Former Massachusetts Attorney Sentenced For Mortgage Fraud
BOSTON – A former attorney practicing in Boston was sentenced today for his involvement in a mortgage fraud scheme that resulted in more than $2.5 million in losses.
Charles R. Sammon, 37, of West Pittston, Pa., was sentenced today by U.S. District Court Judge Richard G. Stearns to 33 months in prison, 36 months of supervised release and $977,042 in restitution to defrauded lenders. In November 2013, Sammon pleaded guilty to wire fraud, mail fraud and unlawful monetary transactions.
Sammon participated in at least 13 fraudulent real estate transactions involving triple-decker apartment buildings in various sections of Boston, including Dorchester, Roxbury, and Jamaica Plain. For eight of those transactions, Sammon served as the real estate closing attorney representing the mortgage lender. For the other five, Sammon participated as the seller of real property himself. The basic scheme involved recruiting people to buy properties by promising to pay them as much as $40,000 per transaction, which was not disclosed to the lenders. Many of the buyers were also promised that the seller would pay the mortgage for upwards of a year. Also central to the scheme was telling the lenders that each borrower intended to occupy the property as their primary residence, which was not true.
Many of the payments to buyers were made directly from Sammon’s law firm bank account on transactions for which he was the closing attorney, but he failed to disclose those payments to the mortgage lenders that he represented. Sammon also received some of the loan proceeds in addition to his legal fees for doing so, which was also not disclosed to the lender. In one transaction, he received more than $50,000.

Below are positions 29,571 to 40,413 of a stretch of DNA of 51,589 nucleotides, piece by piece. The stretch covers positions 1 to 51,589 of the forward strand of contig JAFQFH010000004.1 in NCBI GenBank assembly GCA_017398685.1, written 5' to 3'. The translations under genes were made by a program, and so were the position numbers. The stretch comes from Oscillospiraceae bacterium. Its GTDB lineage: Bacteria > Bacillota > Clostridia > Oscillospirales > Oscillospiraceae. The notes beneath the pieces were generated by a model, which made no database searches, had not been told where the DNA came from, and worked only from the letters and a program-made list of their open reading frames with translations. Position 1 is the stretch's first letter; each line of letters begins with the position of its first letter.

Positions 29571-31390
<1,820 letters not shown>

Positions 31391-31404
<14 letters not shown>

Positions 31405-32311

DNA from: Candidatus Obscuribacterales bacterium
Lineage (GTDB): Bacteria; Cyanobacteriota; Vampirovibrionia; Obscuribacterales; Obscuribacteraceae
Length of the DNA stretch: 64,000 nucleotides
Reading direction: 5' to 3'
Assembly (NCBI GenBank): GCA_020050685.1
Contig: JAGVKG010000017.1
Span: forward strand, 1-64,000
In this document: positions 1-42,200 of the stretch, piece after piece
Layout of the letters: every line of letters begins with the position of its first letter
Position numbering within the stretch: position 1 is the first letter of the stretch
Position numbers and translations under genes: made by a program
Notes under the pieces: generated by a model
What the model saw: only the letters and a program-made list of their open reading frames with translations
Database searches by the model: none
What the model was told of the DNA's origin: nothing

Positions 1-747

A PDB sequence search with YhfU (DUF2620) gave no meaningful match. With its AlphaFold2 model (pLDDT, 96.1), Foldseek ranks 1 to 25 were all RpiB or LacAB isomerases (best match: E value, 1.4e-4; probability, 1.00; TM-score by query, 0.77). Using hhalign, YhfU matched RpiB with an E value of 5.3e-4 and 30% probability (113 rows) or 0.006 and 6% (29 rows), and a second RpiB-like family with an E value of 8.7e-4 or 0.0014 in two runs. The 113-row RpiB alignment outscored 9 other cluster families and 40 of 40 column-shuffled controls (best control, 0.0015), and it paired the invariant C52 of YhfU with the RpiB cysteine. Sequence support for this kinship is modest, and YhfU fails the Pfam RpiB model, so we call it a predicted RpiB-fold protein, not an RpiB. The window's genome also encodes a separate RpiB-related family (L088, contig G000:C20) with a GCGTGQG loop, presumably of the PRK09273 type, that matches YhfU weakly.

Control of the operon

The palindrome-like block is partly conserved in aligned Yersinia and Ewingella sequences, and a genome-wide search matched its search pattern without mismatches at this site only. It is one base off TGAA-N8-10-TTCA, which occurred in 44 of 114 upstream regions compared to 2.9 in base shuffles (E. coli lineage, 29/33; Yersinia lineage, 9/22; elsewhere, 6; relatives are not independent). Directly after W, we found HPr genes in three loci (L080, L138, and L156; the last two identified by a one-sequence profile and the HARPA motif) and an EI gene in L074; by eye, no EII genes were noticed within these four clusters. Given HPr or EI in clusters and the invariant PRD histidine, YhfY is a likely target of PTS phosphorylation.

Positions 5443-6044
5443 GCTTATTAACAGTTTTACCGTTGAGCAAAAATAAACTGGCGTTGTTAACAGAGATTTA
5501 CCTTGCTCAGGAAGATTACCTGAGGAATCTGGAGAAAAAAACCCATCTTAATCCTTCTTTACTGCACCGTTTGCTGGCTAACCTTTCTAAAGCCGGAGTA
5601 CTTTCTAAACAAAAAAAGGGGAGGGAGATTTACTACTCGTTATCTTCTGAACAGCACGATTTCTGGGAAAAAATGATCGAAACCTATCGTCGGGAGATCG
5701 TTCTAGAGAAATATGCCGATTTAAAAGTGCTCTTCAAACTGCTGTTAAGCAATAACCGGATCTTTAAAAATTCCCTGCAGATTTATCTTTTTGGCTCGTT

Each of the loans given for these 13 transactions went into default, usually 12-18 months after the transaction, and all the properties were sold at foreclosure or through a short sale, resulting in combined losses to the lenders of more than $2.5 million.
United States Attorney Carmen M. Ortiz; William P. Offord, Special Agent in Charge of the Internal Revenue Service’s Criminal Investigations in New England; Shelly Binkowski, Inspector in Charge of the United States Postal Inspection Service; Steven Marks, Acting Special Agent in Charge of the United States Secret Service; and Fred Gibson, Acting Inspector General of the Federal Deposit Insurance Corporation, Office of Inspector General, made the announcement today. The case was prosecuted by Assistant U.S. Attorney Mark J. Balthazard of Ortiz's Economic Crimes Unit and DOJ Trial Attorney Alexander H. Berlin.